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keep him too from shooting, particularly when the expense of the certificate is considered. If that be not thought security enough, his right of shooting, as has been said before, may be made the subject of specific stipulation when his lease is granted to him.

Where then is the excess of public good, derived from the restrictions imposed upon the general right to pursue game, to overbalance the private evil of the restraint? Even though in the origin of those restrictions it may be thought to be discernible, now at least it no longer exists: and when we consider how constantly those restrictions are disregarded, we cannot hesitate to come to the conclusion that no sensible good effects are produced by their continuance. For, as is well said by Mr. Peel, if laws stand upon our Statute Book which are evaded and violated every day, this is of itself a sufficient reason for their repeal.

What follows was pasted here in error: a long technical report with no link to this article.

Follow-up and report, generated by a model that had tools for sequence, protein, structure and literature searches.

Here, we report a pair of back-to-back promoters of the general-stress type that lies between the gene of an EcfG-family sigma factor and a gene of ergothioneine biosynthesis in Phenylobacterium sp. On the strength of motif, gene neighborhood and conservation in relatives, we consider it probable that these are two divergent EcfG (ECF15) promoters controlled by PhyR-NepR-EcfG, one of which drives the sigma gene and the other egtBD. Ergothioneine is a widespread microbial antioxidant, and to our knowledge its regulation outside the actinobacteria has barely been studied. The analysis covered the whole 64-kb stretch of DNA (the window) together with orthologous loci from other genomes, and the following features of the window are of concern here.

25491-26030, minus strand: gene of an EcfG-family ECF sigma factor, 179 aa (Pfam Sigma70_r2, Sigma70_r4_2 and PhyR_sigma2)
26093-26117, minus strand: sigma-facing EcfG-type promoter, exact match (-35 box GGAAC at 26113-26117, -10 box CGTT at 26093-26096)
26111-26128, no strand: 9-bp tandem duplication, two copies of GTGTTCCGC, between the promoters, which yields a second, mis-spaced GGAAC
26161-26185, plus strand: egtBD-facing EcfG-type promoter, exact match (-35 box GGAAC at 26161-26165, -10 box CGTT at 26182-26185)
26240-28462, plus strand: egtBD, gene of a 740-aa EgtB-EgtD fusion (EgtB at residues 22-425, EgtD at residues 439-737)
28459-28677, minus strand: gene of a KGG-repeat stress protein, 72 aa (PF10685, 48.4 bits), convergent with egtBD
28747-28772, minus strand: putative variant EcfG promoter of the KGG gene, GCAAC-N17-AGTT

Here, perhaps, it may be as well for me to state the conclusions to which the best consideration that I have been able to give to the subject has led me, so far as I have at present advanced with it.

The law, as it now stands, acknowledges and sanctions, as we have seen, a qualified property in game-the only property which can, as it appears to me, agreeably to reason and consistently with the nature of the subject, be recognised in animals feræ naturæ whilst living and wild. Upon the subject of property then, it does not appear to me that any alteration is called for, or can with propriety be made.

Not so as to the law of qualifica tions. Until that law appeared upon our Statute books, we have seen